Posts Tagged ‘mississippi’

Man arrested for having sex with animals

June 30, 2009


MORTON, MS (KSLA) –   A 23 year- old Morton, Mississippi man is behind bars accused of having sex with animals. 

Police said that Josh Pollard faces an unnatural intercourse charge.

Pollard admitted to taking pictures of himself and a dog.

 He also admitted having a relationship with dogs and goats.


Lesbians’ testimony shows church rift

June 26, 2009

The testimony of a same-sex couple at an annual gathering of United Methodists in Jackson has kindled a controversy over the church’s acceptance of homosexuals.

“If we’d known what kind of firestorm this would cause, we wouldn’t have done it,” said Connie Campbell, 43, of Jackson, who, along with her partner, Renee Sappington, 38, spoke at the June 12 worship service at the Mississippi Annual Conference of the United Methodist Church.

“At the same time, I’m kind of thankful that we didn’t know, because it’s a conversation that might not have happened.”

The conversation followed a three-day conference that began June 12 and attracted 2,000 attendees, said Bishop Hope Morgan Ward, state leader of the denomination that claims more than 1,100 churches and 180,000 members in Mississippi.

“The response has been all over the spectrum,” Ward said. The force of the reaction, in the form of e-mails, blogs or phone calls to church leaders, has prompted her to invite clergy and lay members to a “dialogue” on the issue sometime in early July.

“The witness was not a challenge to the law of the church in any way,” Ward said in an interview this week. “But it was an invitation for us to live faithfully and lovingly with all people with whom our lives are intertwined, … people who may be different from ourselves.”

Although the church does not condone homosexuality, Ward said, “All people are of sacred worth and need the church in our struggle for human fulfillment.”

One critic of the women’s testimony is Donald Wildmon, a retired United Methodist minister and chairman of the Tupelo-based American Family Association, which claims more than 2 million online supporters and operates about 200 radio stations across the country.

In response to the women’s testimony, Wildmon wrote an open letter to Methodists, declaring that “the leadership in our church is promoting homosexual marriage.”

Originally, he wrote that he would no longer give money to the church. In a follow-up letter, he modified that stance, saying he would “designate where my giving to the local church goes.”

He also wrote that Campbell and Sappington’s “clear intent was to promote homosexual marriage in the United Methodist Church.”

In its Book of Discipline, the church states that it considers the practice of homosexuality “incompatible with Christian teaching.” It also states, “We implore families and churches not to reject or condemn lesbian and gay members and friends.”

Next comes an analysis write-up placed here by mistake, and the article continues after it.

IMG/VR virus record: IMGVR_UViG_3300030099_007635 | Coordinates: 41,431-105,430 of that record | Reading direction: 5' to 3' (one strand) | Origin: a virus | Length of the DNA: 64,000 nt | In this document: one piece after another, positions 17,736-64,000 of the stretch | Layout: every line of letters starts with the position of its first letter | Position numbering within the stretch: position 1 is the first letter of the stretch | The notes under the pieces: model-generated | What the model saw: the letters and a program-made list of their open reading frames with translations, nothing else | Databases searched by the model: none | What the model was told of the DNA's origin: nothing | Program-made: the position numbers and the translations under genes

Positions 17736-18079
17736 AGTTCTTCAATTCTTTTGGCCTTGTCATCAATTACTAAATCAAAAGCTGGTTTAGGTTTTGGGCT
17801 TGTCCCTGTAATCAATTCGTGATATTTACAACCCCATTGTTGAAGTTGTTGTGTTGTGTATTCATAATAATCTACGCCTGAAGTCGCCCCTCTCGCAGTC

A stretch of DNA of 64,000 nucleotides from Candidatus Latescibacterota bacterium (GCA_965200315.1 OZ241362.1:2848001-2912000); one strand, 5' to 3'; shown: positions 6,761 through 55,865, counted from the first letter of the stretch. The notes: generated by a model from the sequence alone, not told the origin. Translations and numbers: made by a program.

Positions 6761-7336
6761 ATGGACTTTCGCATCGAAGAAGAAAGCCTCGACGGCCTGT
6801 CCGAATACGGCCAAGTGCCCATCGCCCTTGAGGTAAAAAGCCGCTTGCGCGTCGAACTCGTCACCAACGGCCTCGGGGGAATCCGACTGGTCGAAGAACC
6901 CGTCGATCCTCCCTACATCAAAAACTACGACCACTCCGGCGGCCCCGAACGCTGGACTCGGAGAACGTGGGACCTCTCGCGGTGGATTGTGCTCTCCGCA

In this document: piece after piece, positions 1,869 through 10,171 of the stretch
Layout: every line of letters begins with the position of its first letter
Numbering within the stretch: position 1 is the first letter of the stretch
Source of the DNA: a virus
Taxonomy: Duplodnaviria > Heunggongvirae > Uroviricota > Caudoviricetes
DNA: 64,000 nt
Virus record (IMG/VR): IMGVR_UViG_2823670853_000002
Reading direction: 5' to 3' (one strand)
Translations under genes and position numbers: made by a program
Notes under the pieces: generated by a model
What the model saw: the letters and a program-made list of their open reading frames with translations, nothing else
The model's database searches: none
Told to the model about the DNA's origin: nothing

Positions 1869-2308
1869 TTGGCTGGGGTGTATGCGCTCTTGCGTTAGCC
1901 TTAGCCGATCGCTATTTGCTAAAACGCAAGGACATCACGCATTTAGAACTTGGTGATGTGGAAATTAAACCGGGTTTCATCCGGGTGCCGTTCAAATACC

In testifying at the conference, Campbell and Sappington were part of a roster of witnesses invited to speak about their struggles to be accepted by various congregations before finally finding a church home. The speakers included a teen in foster care and an interracial couple.

Videos of the conference’s services are available online at

Raise Your Pints Inc. – Mississippians for Economic & Beverage Advancement

June 23, 2009

Raise Your Pints Inc. – Mississippians for Economic & Beverage Advancement  

The group formerly known as MEBA has been radically re-organized.  You will see a great deal more from Raise Your Pints as we work toward lifting the gourmet beer ban and beyond.  We have a plan that will take us all the way to that goal. 

The vision of Raise Your Pints: “A Mississippi with a World Class Beer Culture”

The mission of Raise Your Pints: “To promote and enhance craft beer culture in Mississippi by lifting the ban on high gravity beer; clarifying the status of home brewing as a fun, legal and wholesome hobby; promoting Mississippi’s beer, brewpub, and brewing industries and small businesses; and broadening the appreciation of craft beer for all Mississippians.”

We are asking that all of MEBA’s supporters join Raise Your Pints and help us.  You’ll see a lot of us in the coming months and we’ll need you to be a part of that “us.”  We’ve planned a series of beer tastings and beer dinners across MS beginning in Hattiesburg on April 4th to increase awareness of our cause, raise funds, and have some fun.  We will also be hosting Mississippi’s first major Brewfest this summer to expand Mississippian’s appreciation of craft beer.  These and other steps are part of our plan to create the organization necessary to fulfill our vision of a Mississippi with a world class beer culture.